In parting, read this for the content and meaning. Please, no old sports homilies, Pass it around, get involved, get technologically savvy. And forget the pundits. All the while we comforted ourselves looking at Karl Rove’s “whiteboard” which is reminiscent of the boards used by Ross Perot, they had cool tech savvy and smart, Nate Silver debunking our cozy, fire-side apple pie complacency that people wanted to return to the “Good ol’ Days” —– when you see me, understand that the “good ole days” were not so good for the likes of me. Cookin’ and cleanin’ , not putting those activities down — are necessary — so much so that I work extra hard to pay for it, but those two gems are admittedly not my strong suit Mizz Scarlett. (SMILE); (LOL).
RELATED ARTICLES: Can the Republicans Be Saved From Obsolescence? – (New York Times)
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I am frequently at cocktail parties, private get together’s and so forth where my fellow republicans are mystified regarding the almost total domination of the African American voting block by the Democratic Party. Most people have only a partial history of the dedication because it is far more complicated than one can conceive and as such it is at many times ,contradictory. The fact that we have an African American president aside, the Democrats virtually own the African American voting bloc and the true reasons run very deep. The intentions are full of good intentions, bad intentions, misconceptions, racism and betrayal. The following is a brief synopsis, tomorrow we will tackle the political strategies that were used to achieve the almost total alienation of this voting block which were perpetuated by politicians long gone and have had a lasting effect on the politics of today. We will also discuss the things that can be done to elicit some change for the future.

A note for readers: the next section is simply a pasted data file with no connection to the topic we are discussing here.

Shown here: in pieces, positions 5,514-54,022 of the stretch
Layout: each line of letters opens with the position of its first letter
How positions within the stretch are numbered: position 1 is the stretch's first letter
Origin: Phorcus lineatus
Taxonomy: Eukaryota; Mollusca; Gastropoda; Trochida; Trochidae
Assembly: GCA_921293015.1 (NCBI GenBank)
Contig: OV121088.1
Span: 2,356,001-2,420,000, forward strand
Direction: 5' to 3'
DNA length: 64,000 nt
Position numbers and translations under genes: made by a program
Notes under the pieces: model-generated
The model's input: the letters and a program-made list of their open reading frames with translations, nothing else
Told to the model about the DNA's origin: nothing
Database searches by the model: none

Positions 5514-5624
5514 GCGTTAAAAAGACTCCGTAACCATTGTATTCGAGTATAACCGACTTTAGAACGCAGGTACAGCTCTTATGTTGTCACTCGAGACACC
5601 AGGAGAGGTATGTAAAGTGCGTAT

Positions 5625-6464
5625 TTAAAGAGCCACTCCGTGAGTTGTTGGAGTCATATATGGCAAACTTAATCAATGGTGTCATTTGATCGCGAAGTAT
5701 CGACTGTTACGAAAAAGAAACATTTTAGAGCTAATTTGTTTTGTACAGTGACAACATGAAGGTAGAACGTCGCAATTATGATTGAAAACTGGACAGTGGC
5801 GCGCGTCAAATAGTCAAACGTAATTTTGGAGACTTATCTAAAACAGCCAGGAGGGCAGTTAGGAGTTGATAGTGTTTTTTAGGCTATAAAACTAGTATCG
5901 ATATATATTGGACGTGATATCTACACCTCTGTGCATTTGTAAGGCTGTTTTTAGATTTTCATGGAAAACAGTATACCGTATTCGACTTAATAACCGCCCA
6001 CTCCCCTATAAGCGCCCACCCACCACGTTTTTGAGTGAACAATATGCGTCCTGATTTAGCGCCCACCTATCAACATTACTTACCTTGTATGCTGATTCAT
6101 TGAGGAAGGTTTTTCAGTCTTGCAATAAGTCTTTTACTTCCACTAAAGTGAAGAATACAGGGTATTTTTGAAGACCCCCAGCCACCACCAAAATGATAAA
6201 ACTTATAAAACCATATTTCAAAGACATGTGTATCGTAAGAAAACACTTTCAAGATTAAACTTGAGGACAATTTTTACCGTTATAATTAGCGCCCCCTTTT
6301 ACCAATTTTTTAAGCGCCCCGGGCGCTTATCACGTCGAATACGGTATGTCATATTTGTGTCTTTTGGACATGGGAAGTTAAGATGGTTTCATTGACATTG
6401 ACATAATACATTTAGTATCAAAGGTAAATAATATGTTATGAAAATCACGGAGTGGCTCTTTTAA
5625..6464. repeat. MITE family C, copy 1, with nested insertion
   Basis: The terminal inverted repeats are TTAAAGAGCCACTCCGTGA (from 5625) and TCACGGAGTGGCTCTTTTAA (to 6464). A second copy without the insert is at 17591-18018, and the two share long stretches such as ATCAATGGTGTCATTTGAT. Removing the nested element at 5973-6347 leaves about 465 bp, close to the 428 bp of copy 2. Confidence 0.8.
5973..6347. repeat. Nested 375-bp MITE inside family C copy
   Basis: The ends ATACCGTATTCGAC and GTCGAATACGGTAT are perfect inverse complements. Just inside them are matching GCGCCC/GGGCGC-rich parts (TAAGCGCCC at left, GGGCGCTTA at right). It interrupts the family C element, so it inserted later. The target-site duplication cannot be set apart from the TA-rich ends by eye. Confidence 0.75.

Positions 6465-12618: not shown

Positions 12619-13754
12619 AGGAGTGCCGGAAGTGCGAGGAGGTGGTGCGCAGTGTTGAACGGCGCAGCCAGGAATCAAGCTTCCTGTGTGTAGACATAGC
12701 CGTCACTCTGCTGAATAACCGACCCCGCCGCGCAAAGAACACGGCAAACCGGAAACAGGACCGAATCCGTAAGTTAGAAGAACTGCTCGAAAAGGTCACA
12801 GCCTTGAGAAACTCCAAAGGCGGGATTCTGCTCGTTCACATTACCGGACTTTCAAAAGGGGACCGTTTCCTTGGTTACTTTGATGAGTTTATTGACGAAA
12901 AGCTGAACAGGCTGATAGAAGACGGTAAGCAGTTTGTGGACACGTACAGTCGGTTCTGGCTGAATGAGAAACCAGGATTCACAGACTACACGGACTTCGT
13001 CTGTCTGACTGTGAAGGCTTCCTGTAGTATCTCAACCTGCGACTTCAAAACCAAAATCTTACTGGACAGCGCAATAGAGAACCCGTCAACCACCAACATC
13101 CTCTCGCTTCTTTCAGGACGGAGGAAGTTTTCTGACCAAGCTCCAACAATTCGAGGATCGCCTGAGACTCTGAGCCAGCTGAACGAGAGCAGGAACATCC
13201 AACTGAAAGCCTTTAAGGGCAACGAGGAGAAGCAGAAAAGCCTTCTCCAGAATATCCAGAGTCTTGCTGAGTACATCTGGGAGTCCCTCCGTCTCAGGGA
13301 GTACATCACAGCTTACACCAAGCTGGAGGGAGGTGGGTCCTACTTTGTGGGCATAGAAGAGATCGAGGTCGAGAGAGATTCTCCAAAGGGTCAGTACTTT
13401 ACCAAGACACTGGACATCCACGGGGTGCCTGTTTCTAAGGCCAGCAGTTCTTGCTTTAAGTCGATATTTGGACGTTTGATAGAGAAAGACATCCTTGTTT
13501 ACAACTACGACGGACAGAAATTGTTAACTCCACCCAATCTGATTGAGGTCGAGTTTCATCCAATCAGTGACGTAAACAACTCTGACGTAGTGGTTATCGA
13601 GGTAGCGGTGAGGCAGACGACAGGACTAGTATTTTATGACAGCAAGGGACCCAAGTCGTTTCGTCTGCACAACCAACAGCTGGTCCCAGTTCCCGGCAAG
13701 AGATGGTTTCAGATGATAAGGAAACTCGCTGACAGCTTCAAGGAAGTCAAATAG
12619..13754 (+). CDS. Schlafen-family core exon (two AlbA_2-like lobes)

The term “Solid South” describes the total domination that the Democratic Party had of the southern states from 1877 to 1964. During this period the vast majority of office holders in the federal, state and local levels of government were Democrats. The Republican Party was virtually non-existent. And why was this the case? Because of the the Republican Party’s stance in favor of political rights for blacks during reconstruction and economic factors that were viewed as favoring the Northern industrial interests at the expense of the agricultural interests of the South.
The “Solid South” is defined as the eleven states of the old Confederacy plus Kentucky, Oklahoma, West Virginia and Missouri. Missouri was the first to break and vote Republican.